After reports on Jewish prayer, minister insists Temple Mt status quo ‘in place’

Public Security Minister Omer Barlev says police ‘scrupulously maintain’ regulations at flashpoint holy site, under which Jews are banned from worshiping

Illustrative: An Israeli police officer stands guard as a religious Jew in army uniform visits the Temple Mount, known to Muslims as the Noble Sanctuary, in the Old City of Jerusalem on August 3, 2021. (AP Photo/ Maya Alleruzzo, File)

Public Security Minister Omer Barlev insisted on Sunday that the status quo on the Temple Mount “was in place and will remain in place,” after months of media reports showing Jewish worshipers openly praying at the site while police turned a blind eye.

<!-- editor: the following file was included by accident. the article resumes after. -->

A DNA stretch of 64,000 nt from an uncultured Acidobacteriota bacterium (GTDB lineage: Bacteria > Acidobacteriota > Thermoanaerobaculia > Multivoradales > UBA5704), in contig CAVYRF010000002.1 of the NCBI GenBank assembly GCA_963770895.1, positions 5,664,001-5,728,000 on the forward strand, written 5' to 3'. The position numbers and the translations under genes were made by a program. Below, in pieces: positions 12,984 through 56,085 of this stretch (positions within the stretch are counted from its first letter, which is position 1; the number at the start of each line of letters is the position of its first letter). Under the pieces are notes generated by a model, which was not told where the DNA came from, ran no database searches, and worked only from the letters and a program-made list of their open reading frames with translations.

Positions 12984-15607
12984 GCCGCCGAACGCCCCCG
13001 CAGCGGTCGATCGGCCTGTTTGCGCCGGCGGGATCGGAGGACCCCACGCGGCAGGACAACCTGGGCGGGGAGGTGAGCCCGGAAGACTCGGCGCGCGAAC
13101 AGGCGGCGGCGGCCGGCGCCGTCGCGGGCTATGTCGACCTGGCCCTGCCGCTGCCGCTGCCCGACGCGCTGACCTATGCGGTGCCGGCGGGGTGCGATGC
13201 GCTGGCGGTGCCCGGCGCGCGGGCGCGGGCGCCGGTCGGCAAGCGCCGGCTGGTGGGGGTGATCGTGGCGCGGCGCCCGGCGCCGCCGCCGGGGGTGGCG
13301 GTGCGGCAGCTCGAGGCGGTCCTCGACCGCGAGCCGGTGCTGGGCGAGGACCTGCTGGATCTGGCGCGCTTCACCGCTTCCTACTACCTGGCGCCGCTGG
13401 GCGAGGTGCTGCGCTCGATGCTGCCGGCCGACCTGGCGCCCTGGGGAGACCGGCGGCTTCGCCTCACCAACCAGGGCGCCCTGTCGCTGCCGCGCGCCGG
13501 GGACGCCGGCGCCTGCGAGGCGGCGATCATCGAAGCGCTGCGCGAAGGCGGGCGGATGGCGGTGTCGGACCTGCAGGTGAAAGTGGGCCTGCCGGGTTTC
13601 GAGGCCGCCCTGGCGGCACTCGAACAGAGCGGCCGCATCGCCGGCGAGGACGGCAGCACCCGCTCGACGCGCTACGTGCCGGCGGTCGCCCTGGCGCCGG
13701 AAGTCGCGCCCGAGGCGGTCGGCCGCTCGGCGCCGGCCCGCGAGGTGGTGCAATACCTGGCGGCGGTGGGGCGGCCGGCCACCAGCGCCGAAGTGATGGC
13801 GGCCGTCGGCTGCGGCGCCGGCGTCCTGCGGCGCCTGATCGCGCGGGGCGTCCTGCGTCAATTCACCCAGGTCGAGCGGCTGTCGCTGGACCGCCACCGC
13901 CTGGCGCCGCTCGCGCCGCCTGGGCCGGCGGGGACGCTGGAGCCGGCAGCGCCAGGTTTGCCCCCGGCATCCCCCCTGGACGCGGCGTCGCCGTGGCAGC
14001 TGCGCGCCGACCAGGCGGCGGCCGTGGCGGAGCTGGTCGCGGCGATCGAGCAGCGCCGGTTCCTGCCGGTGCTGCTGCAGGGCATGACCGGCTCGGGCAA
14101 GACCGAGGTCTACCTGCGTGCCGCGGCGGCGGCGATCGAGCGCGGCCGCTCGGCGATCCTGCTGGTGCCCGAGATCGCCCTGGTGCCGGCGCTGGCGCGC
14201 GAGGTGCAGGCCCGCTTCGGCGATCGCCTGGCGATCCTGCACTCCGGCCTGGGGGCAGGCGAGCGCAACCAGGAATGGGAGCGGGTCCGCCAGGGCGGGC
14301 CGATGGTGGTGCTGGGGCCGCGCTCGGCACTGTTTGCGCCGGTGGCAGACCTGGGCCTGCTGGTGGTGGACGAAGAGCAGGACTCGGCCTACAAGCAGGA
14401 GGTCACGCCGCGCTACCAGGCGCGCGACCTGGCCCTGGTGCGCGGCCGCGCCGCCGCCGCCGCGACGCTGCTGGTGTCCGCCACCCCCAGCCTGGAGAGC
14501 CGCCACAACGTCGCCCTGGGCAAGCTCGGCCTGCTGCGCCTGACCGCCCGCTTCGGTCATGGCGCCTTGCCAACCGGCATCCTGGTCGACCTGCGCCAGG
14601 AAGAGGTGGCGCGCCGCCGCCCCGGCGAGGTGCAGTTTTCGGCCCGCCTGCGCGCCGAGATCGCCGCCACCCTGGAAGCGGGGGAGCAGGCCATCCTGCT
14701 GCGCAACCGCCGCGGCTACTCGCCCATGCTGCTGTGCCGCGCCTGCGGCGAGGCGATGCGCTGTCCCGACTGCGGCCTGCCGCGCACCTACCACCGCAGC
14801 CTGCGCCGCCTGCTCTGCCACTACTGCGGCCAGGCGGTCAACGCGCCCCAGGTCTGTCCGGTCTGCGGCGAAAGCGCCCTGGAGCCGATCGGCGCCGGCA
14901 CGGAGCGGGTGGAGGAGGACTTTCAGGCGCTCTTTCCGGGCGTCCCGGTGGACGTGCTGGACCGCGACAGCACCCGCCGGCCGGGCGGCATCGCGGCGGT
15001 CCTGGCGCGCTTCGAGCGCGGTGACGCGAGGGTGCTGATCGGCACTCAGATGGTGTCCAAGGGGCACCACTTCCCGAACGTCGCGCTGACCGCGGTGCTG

“Israel Police scrupulously maintains the status quo at the Temple Mount, which is holy to both Jews and Muslims,” said Barlev, whose ministry is responsible for overseeing law enforcement.

Barlev made his remarks following a meeting with senior Israeli law enforcement officials, including Israeli police chief Kobi Shabtai and Jerusalem police chief Doron Turgeman. Foreign Ministry and Shin Bet officials were also present, according to Barlev’s office.

 

“The police have worked to protect the status quo — save for exceptional circumstances — which they have quickly identified and acted against,” Barlev said.

The Temple Mount, known to Muslims for its Al-Aqsa Mosque, is the holiest site for Jews and site of the third holiest shrine in Islam. It is one of the most emotionally contested places in the Israeli-Palestinian conflict, and clashes there were part of the backdrop to the 11-day conflict launched by Hamas from Gaza in May.

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